‘Runaway inflation’ in Venezuela has reached the point where bank notes are being weighed rather than counted.
The country’s currency, the bolivar has devalued so much that traders have given up counting the huge wads of banknotes handed over by their customers.
Last month it emerged that new 20,000 bolivar notes will be produced to keep up with the rate of inflation. At the moment the highest banknote in circulation is 100 bolivars.
Traders have taken to weighing money rather than counting it because of runaway inflation in Venezuela
Describing the situation at his delicatessen counter in Caracas, Humberto Gonzalez told Bloomberg that the sheer volume of bills needed to pay for everyday items makes life hard for traders.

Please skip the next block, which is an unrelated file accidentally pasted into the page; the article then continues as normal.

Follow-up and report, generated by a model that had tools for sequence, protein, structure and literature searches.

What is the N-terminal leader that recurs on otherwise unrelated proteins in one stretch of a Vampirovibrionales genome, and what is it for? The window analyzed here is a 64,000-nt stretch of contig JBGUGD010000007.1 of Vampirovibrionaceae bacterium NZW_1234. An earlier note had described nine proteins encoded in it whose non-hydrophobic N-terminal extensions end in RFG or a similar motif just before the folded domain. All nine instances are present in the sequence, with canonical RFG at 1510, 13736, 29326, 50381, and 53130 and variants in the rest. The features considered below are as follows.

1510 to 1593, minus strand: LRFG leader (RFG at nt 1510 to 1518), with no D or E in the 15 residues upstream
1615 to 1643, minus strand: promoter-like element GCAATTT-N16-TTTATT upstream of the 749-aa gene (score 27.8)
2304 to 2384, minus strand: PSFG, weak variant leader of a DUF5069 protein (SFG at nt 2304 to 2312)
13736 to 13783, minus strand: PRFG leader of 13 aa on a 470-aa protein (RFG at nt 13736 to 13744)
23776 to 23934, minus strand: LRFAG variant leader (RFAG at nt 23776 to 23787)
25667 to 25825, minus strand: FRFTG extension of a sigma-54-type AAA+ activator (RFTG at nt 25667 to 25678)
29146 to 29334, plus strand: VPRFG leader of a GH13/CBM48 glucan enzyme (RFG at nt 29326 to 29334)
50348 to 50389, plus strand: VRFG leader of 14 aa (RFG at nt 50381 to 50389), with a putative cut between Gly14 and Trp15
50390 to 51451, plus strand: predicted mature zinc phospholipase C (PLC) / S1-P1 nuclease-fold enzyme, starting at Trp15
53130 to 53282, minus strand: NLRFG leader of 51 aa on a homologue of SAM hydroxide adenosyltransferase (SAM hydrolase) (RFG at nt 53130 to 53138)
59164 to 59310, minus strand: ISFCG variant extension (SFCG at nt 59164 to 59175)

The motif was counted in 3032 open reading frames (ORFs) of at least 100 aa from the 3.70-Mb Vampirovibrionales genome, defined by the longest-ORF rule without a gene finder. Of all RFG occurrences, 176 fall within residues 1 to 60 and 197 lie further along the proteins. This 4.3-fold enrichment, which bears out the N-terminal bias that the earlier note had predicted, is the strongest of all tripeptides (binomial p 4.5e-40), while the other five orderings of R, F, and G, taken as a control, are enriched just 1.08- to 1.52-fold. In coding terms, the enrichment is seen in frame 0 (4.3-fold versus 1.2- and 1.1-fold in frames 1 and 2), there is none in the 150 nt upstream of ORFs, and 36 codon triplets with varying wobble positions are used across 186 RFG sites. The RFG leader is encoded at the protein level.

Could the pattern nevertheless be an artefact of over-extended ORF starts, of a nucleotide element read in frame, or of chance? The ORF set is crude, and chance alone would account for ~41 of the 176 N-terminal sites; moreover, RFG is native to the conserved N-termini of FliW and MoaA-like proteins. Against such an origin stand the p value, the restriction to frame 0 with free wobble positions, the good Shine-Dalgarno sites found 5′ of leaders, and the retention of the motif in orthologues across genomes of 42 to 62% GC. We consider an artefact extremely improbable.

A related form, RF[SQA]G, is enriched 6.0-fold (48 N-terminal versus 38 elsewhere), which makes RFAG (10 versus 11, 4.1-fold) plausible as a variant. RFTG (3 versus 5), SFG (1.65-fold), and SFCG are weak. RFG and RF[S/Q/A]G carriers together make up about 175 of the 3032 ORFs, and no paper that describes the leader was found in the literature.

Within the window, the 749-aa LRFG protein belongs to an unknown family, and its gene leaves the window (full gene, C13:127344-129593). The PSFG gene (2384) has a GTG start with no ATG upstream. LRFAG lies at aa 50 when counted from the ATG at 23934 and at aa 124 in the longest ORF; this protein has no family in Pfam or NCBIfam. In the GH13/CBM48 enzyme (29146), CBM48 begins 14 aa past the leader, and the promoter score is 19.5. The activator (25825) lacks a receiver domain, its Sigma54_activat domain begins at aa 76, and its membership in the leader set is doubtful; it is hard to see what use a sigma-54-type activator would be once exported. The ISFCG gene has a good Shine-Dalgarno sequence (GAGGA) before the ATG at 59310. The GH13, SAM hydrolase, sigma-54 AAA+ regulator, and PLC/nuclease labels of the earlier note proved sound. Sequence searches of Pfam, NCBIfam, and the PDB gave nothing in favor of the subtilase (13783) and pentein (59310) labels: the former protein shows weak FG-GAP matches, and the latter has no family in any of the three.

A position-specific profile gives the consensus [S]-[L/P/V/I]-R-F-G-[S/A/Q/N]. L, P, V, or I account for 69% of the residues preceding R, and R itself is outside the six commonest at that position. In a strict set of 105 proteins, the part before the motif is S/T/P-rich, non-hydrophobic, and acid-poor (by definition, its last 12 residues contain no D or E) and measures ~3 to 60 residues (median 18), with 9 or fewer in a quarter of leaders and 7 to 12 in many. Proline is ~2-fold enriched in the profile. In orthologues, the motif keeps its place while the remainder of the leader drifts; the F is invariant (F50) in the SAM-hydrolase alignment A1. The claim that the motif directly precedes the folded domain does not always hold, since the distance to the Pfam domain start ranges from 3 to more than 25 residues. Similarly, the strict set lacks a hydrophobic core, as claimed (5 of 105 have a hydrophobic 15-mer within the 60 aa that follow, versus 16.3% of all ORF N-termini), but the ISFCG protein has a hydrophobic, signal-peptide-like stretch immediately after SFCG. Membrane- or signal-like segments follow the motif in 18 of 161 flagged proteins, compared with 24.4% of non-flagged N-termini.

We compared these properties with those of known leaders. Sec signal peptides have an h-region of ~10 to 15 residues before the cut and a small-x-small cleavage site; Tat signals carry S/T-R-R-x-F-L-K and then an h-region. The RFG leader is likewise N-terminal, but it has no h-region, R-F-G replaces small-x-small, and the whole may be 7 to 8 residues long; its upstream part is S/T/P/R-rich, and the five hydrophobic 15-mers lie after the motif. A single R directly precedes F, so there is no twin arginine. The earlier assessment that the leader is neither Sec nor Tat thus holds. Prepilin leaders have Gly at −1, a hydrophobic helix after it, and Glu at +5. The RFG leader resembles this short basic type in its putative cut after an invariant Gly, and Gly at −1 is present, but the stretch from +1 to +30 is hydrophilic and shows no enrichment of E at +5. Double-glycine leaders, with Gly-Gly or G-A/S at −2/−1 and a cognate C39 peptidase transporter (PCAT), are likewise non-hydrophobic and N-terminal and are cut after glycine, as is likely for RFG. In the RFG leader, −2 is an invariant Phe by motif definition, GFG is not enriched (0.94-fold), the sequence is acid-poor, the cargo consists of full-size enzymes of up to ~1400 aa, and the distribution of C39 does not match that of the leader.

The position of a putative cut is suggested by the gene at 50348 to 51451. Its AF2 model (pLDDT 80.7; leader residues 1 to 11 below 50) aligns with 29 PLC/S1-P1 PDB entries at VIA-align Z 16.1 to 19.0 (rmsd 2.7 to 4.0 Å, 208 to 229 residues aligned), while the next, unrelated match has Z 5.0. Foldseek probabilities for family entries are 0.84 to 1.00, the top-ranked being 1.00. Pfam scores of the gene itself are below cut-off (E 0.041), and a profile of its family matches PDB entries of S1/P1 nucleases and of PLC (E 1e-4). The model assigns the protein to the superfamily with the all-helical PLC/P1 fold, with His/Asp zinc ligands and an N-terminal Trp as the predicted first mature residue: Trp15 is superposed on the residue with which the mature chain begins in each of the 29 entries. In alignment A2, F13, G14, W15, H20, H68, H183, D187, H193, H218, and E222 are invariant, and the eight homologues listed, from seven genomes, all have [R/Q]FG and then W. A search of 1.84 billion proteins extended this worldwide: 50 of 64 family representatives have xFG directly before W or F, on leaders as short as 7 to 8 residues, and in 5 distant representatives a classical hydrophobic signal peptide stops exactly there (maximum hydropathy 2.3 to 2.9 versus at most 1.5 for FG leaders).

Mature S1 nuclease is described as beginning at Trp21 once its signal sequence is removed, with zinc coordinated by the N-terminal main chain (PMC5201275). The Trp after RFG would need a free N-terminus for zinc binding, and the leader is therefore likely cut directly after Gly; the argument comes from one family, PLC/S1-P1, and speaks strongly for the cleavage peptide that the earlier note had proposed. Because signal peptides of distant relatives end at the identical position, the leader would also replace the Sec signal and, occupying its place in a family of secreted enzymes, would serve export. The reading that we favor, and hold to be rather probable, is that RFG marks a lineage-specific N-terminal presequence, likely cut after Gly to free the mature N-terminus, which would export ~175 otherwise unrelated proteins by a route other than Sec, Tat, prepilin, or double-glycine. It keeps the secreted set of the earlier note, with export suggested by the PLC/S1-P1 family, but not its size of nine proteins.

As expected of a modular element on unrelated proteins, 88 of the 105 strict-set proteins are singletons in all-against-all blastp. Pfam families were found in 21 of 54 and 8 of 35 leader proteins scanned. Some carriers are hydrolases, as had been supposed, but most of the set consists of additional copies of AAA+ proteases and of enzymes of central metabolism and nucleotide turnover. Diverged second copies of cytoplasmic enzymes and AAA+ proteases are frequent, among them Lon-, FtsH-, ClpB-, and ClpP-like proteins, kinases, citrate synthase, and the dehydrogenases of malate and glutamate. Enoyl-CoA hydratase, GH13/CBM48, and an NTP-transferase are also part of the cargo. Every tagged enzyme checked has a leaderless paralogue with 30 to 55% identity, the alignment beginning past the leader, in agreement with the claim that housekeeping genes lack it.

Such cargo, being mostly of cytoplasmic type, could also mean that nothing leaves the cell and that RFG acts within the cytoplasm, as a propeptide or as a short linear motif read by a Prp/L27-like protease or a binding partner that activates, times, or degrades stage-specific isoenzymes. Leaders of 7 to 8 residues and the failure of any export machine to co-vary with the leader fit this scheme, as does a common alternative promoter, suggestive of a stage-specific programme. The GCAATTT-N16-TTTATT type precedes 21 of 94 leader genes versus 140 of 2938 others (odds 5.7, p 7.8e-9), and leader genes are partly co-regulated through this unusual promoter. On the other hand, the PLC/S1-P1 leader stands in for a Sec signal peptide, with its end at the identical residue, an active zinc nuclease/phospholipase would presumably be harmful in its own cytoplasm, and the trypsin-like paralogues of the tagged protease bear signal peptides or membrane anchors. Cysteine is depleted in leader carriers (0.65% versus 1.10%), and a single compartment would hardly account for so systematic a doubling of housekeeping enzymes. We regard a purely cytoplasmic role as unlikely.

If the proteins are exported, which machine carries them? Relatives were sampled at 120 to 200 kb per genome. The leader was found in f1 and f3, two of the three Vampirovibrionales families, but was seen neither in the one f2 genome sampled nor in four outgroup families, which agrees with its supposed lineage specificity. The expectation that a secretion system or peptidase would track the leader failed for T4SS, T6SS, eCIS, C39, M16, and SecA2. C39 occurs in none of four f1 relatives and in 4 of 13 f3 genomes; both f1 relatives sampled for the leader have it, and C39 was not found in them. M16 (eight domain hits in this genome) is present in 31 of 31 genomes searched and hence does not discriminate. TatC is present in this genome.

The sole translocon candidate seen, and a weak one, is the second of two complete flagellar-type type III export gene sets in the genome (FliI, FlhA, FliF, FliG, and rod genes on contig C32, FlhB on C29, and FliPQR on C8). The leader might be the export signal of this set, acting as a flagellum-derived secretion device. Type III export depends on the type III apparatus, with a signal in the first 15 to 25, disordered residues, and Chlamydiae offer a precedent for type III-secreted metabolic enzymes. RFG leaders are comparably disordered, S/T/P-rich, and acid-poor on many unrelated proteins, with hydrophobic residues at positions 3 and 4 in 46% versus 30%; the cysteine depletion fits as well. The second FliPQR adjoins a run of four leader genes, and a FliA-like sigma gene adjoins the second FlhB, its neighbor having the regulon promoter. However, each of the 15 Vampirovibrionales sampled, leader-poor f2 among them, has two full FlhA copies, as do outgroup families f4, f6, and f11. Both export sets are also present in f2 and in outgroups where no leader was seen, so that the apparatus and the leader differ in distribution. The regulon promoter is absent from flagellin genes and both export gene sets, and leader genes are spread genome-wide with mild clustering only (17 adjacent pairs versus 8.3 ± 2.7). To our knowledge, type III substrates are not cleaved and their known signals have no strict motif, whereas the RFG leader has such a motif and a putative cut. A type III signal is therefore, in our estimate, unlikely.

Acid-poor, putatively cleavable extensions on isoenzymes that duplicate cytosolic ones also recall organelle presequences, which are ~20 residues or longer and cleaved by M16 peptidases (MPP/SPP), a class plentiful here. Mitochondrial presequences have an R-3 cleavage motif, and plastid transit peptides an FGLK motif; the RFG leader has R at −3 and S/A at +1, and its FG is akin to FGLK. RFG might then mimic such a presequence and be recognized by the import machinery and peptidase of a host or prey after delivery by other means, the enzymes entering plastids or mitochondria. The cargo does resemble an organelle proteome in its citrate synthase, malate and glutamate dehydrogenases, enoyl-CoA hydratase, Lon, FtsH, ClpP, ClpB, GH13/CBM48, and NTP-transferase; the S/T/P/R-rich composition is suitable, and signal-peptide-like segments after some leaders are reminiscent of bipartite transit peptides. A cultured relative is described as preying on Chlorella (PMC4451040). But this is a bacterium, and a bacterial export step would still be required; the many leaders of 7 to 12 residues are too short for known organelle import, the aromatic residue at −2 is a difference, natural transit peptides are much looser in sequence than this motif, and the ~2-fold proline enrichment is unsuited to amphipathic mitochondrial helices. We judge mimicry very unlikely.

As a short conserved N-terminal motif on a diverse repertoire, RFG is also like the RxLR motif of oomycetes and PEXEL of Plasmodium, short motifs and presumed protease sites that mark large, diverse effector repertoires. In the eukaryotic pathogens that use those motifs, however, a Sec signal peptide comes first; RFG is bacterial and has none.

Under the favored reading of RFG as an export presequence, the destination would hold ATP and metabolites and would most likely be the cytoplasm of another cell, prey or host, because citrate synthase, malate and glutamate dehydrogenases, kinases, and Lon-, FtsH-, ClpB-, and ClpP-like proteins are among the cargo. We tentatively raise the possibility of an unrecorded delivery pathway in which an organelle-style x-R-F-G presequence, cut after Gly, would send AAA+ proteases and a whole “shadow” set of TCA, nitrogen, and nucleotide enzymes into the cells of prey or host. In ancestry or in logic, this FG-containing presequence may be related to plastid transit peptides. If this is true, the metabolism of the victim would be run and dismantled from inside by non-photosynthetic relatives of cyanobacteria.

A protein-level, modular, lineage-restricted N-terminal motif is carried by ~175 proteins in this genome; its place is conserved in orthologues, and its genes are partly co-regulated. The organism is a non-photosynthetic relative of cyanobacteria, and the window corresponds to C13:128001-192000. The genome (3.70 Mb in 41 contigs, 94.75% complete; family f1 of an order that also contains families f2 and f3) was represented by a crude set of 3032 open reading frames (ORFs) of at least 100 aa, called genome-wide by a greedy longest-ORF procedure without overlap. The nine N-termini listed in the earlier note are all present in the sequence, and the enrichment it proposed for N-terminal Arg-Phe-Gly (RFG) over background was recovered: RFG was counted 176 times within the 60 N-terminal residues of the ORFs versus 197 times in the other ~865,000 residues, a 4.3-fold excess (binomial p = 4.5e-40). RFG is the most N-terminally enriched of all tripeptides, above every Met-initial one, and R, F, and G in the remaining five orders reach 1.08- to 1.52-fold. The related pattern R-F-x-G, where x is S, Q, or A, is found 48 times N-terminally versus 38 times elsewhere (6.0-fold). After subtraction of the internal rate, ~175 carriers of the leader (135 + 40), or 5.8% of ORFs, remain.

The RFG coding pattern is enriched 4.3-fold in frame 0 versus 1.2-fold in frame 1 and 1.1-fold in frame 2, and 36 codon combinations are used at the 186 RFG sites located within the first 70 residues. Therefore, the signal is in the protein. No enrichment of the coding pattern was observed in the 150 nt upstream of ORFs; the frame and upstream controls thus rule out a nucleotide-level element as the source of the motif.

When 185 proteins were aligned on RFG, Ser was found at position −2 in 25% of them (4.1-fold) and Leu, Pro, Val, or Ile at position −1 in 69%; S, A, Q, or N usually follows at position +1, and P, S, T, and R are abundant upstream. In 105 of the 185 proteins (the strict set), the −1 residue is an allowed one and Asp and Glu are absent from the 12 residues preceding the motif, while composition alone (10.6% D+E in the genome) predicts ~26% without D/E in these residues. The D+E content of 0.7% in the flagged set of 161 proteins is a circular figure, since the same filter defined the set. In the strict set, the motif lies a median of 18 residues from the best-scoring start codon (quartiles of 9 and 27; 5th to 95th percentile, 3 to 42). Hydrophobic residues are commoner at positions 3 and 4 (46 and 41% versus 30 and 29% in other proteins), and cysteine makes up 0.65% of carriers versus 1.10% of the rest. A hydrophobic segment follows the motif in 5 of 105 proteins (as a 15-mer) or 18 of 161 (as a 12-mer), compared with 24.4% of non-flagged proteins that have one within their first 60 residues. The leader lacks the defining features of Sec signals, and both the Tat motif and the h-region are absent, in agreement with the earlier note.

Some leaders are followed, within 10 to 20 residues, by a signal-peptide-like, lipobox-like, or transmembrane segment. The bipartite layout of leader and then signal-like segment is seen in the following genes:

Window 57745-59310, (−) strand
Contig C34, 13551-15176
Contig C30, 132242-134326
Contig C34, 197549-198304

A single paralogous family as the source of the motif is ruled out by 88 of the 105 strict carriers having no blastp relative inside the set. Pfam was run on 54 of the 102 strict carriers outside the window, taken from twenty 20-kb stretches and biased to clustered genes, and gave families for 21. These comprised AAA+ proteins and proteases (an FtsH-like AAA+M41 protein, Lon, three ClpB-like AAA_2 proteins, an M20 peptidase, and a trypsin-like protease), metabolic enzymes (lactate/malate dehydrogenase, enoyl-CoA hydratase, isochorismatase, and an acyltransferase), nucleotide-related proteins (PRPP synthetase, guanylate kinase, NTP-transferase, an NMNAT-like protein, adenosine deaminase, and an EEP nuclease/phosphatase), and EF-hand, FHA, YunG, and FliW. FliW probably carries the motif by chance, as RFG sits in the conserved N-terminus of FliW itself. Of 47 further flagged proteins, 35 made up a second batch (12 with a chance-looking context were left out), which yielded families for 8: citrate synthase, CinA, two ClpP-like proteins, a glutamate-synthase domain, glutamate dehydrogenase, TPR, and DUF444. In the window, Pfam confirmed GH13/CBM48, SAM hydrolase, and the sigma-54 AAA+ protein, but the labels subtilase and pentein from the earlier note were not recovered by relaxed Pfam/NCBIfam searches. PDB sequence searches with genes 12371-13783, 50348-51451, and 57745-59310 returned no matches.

He said: ‘It’s sad. At this point, I think the cheese is worth more.’
The inflation rate in Venezuela is expected to reach 480 percent this year, and 1,600 percent by 2017.
economic crisis deepens.
Jesus Casique, financial director at consulting firm Capital Market Finance, told Bloomberg: ‘When they start weighing cash, it’s a sign of runaway inflation.
‘But Venezuelans don’t know just how bad it is because the government refuses to publish figures.’